Aidin Arbabi^{1} and Corey A. Baron^{1}

Oscillating gradient spin-echo (OGSE) diffusion MRI allows measurement of the frequency dependence of the apparent diffusion coefficient (ADC), which gives insight into tissue microstructure. OGSE has been utilized in numerous animal models, but its application in the in vivo human brain is challenging. Further, a parameterization that allows visualization of maps of the frequency dependence of ADC throughout the human brain has thus-far not been demonstrated. In this work, we report on an efficient method to generate maps of diffusion dispersion (DD), which characterizes the frequency dependence of the ADC, and demonstrate full-brain DD mapping in vivo at 7T.

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Figure 1: Example ADC and DD maps acquired at b = 565 s/mm^{2}, from top to bottom: PGSE ADC (diffusion time=55 ms), 30Hz OGSE ADC, 60Hz OGSE ADC, 30 Hz DD, and 60Hz DD. Uniform maps are observed throughout the brain tissue. CSF was masked in DD maps by setting to zero all voxels with PGSE ADC> 1.2 mm^{2}/s.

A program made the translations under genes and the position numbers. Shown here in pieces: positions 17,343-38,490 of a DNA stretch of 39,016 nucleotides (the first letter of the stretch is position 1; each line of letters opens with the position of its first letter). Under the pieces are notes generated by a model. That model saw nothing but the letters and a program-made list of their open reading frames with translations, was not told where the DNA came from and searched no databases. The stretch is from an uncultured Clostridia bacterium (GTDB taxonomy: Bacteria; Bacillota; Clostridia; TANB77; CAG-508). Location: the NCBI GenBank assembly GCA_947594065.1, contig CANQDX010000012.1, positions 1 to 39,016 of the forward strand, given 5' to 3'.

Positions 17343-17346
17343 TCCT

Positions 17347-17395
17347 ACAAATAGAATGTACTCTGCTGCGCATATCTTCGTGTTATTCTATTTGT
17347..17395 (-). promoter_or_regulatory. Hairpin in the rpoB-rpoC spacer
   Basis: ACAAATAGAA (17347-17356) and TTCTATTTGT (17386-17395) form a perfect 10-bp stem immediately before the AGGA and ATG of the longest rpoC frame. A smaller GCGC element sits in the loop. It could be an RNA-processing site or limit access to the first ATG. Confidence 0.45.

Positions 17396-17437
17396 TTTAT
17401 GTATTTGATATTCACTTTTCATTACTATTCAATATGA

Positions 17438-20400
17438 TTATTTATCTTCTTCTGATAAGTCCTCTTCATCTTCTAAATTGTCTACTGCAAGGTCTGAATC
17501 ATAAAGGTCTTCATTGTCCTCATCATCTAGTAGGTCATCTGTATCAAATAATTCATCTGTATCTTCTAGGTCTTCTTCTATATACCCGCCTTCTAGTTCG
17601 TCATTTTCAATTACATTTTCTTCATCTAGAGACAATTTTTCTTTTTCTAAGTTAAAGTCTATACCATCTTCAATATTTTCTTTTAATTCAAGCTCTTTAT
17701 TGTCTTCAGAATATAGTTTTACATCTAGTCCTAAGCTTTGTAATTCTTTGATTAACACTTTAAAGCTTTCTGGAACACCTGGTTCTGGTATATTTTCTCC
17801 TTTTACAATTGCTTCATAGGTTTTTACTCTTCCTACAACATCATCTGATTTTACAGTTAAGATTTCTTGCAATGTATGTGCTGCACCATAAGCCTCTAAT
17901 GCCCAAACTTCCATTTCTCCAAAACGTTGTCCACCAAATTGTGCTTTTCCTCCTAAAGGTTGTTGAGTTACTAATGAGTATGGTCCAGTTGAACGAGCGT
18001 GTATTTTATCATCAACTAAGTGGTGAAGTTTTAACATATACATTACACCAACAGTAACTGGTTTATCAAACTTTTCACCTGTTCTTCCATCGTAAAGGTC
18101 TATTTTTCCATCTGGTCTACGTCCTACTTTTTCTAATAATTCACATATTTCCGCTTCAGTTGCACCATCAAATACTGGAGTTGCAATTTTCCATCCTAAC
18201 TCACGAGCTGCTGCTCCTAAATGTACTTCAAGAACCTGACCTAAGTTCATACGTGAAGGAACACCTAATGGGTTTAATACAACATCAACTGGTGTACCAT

Figure 2: Comparison of ADC and DD maps on two sample slices for the frequency of 60Hz acquired at b=565 s/mm^{2}: (left) PGSE ADC, (middle) 60Hz OGSE ADC, and (right) 60Hz DD. Red rectangles depict areas affected by Gibbs ringing on ADC maps.

Figure 3: Mean ADC change and diffusion dispersion (DD) measured within example regions-of-interest (ROI) on two different slices for 30Hz and 60Hz: (A) ROI placements on 60Hz DD map, (B) ADC change with frequency, (C) ADC change with the square root of frequency, with solid lines indicating linear regression, and (D) Mean DD for 30Hz and 60Hz, with dashed lines indicating the mean DD for each ROI estimated from the linear regression in (C). As expected, ADC increases linearly with the square root of frequency for all ROIs. Error bars indicate the standard deviation of voxel values within each ROI.